This first impression was originally posted as a live blog for supporters in our forums on October 20th, 2017. First impressions are meant to be quick, fun, initial impressions on an album or release as I listen to it for the first time. It’s a running commentary written while listening to an album — not a review. More like a diary of thoughts. This post has been lightly edited for structure and flow.
It’s been too long since I’ve done one of these.
It’s been a while since there’s been a really hyped album coming out that felt right for something like this. But, this Julien Baker album seems just about perfect as we move into fall. Her last album, Sprained Ankle, is one of my favorite fall albums and it’s only a matter of time until this one cements itself in my cold weather rotation as well. In many ways it takes what the first album did and expands upon it in every way. It reminds me a little bit of how Manchester Orchestra took ILAVLAC and enhanced a variety of different aspects of that sound, and their songwriting, to take it up another level for METN. That’s the feeling I get from this album. It takes Julien’s songwriting to a new level, maintains the “it” factor that solidifies her as one of the most exciting and talented voices in music right now, and puts her in rarified air. It’s the kind of album I could see us talking about for years.
In a year that’s been filled with so many new albums, it’s hard to pick out the ones that I think will live a life longer than just this year. The ones that we will return to, talk about, and obsess over for years to come. What are the next classics? The next great albums? The ones all of us remember as the year it came out? I’ve heard a few this year that I think are in contention, albums that have knocked me on my ass, brought a huge smile to my face, and left me speechless … and then “Claws in Your Back” finished and I looked down at the hair standing straight up on my arm. Jesus. That’s new.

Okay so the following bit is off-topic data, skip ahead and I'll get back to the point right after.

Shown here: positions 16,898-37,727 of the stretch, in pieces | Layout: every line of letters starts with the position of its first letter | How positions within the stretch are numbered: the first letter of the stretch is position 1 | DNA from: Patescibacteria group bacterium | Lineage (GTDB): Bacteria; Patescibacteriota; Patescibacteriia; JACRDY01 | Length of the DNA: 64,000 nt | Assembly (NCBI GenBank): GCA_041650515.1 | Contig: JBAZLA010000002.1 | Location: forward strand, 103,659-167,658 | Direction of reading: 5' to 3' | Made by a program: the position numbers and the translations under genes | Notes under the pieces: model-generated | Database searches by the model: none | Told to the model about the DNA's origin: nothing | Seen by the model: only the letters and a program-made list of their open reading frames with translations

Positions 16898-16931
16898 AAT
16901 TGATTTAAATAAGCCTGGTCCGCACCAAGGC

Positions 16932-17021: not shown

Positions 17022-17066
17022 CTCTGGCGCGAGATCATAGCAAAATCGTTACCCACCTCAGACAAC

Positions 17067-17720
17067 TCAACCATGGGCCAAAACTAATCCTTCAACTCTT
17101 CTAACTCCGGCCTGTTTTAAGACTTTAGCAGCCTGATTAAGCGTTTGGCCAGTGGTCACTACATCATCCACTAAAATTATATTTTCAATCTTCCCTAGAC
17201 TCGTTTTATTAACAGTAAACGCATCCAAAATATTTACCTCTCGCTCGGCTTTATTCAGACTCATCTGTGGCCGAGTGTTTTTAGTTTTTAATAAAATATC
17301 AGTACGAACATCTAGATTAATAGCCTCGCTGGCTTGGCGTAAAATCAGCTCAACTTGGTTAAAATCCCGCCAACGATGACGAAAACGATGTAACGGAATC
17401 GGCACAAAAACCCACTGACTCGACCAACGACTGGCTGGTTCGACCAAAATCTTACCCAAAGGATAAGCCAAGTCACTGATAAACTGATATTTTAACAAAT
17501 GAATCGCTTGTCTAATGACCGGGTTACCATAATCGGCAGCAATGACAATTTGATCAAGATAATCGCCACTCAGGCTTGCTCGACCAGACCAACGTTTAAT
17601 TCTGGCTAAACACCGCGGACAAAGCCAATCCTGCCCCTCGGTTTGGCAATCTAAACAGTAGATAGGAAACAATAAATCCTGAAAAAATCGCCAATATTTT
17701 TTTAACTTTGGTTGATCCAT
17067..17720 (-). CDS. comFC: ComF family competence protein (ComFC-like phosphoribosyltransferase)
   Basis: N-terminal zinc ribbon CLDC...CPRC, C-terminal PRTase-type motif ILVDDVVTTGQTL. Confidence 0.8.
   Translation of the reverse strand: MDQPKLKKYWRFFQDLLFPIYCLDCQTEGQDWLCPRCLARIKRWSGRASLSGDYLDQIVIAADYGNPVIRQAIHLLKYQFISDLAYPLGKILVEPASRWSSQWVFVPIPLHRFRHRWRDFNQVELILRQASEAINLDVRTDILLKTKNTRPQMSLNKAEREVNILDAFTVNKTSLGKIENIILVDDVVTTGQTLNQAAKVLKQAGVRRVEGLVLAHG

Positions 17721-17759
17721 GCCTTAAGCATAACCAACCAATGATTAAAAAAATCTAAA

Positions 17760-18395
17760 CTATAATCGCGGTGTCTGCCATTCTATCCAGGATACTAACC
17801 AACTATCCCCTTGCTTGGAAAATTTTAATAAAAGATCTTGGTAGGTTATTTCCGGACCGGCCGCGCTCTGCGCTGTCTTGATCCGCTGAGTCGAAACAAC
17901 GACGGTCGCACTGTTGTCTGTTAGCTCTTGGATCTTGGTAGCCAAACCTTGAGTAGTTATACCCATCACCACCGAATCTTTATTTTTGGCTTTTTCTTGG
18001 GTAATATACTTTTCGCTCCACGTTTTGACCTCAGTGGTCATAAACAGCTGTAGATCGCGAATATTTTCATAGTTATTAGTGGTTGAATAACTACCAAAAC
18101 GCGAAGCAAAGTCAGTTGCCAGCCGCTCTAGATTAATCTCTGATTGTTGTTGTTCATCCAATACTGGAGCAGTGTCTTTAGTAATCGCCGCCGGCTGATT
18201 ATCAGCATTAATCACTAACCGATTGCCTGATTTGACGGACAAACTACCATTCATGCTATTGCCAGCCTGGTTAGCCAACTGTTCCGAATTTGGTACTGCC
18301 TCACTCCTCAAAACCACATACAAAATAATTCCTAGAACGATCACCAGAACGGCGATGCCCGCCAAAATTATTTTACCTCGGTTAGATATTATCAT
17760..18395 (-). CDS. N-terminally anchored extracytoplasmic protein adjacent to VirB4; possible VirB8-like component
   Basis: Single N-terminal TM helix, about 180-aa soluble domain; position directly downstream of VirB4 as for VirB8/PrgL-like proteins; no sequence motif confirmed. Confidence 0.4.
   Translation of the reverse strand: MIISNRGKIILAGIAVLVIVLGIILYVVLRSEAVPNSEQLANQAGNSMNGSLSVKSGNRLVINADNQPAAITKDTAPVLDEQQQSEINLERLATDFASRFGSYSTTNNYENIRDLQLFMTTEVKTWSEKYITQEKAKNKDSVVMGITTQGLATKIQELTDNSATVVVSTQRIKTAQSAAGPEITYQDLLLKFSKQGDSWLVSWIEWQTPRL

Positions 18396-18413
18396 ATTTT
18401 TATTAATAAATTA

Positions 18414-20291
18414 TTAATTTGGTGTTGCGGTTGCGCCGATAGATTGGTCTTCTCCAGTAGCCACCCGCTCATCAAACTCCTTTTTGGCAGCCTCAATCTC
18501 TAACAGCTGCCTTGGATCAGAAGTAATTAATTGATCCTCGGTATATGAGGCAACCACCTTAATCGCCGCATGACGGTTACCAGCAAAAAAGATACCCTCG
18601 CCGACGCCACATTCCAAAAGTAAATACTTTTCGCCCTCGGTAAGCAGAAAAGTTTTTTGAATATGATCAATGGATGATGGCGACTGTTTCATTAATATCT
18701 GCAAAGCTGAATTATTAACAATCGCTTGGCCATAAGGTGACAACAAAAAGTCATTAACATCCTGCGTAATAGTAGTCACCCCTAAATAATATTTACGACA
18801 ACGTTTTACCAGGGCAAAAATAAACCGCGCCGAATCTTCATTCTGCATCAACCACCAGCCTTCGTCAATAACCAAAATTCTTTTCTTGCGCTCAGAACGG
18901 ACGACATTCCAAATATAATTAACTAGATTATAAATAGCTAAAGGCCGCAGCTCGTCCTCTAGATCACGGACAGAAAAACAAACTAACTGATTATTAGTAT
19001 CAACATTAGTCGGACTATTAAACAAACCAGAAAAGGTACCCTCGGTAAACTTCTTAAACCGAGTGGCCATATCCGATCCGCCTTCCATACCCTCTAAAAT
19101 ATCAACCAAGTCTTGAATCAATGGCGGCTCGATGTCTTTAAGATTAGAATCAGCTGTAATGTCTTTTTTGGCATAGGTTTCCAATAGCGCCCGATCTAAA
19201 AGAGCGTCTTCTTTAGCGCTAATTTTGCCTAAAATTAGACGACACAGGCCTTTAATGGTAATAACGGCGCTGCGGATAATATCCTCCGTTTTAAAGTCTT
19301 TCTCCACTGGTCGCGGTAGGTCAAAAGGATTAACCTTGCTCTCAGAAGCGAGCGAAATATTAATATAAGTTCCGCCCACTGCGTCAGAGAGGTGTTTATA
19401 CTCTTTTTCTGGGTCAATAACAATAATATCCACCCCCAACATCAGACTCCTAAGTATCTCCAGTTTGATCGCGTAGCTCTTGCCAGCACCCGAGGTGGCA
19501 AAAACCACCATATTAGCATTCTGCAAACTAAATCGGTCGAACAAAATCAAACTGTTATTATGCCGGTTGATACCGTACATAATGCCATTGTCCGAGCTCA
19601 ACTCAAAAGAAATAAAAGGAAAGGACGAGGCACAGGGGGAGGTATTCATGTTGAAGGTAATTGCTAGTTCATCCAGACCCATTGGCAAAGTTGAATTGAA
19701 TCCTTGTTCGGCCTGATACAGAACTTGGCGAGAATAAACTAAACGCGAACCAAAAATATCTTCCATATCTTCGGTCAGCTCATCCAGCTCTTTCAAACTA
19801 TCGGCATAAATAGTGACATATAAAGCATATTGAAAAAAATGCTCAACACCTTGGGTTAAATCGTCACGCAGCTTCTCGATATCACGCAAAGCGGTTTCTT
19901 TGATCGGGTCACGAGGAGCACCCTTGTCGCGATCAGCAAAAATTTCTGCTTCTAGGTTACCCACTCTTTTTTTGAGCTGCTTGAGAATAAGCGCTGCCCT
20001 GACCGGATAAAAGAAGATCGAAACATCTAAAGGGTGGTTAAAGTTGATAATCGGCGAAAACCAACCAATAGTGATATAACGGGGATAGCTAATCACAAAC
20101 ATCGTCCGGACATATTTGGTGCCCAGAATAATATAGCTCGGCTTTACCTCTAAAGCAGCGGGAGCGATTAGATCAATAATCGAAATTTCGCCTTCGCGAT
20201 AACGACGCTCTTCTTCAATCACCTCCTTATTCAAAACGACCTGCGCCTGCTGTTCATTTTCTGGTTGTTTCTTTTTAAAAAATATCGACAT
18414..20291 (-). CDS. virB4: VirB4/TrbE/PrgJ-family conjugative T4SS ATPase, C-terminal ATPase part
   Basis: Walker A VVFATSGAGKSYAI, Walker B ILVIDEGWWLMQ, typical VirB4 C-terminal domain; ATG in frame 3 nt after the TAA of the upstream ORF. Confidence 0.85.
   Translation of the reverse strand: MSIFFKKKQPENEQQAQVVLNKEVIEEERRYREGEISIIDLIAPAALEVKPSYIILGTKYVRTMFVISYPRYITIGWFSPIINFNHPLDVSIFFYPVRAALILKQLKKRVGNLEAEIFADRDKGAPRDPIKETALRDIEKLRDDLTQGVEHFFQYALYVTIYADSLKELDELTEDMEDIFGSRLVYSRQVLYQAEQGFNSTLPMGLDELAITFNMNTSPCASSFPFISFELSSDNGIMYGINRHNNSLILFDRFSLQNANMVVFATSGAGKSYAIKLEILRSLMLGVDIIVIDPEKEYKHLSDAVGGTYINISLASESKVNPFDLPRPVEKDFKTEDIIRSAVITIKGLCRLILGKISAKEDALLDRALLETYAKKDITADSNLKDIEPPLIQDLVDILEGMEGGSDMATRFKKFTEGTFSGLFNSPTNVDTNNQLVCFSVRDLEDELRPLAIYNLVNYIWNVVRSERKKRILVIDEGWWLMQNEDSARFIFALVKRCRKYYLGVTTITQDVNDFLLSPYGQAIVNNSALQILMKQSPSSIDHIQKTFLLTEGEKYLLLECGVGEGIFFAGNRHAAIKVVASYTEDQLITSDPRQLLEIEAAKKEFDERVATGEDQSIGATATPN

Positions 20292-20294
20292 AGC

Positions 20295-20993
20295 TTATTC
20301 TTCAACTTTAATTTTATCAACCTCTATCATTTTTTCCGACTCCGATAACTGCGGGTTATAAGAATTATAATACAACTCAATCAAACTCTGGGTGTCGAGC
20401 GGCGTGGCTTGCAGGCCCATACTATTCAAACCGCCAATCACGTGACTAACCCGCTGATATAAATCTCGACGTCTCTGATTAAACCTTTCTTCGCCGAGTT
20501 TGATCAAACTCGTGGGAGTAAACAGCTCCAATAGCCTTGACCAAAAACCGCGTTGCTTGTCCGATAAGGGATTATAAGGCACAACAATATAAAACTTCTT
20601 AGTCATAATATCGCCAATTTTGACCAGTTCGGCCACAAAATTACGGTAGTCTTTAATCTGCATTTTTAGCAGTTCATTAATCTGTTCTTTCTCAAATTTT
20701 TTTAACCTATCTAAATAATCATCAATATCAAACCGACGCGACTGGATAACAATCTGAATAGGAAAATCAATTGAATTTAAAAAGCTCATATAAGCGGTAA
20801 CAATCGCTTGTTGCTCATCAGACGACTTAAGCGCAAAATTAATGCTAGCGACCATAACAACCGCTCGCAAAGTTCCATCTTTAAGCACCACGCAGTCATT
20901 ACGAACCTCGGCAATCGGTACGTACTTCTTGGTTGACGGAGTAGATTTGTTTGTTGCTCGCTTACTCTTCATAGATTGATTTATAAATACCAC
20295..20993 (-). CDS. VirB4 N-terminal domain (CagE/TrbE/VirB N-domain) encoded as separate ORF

Jon Pareles, writing for The New York Times:
“Sprained Ankle,” was a measured cry in the wilderness, a distillation of solitary despair. Just two years later, “Turn Out the Lights” is the work of a songwriter who has resonated with an international audience and who is moving beyond the apocalyptic self-absorption of adolescence. It’s the rare second album that, despite new self-consciousness, stretches beyond an unspoiled debut to reach for even bigger things, with all its passion intact.
“Once we finished recording it, in January, there was a lot of anxiety for me,” Ms. Baker said. “Is it too similar? Is it too different? How can you be afraid of both of those things at the same time?” She laughed. “But I somehow was.”
As The Decemberists took to the stage at The Fillmore in Philadelphia, it became obvious that they could have played a room worlds larger than the largest club venue in Philadelphia if they desired. The rapturous sold out crowd of 3,000 roared back the words to the opening salvo, the three-part odyssey “The Crane Wife”, from the album of the same name that recently turned ten years old. The fact that they booked the “Shuffling Off to Ragnarok” tour at venues such as this, though, speaks to a desire for intimacy; a desire to hear and be heard, a desire to share a smaller space with the people who care most about them.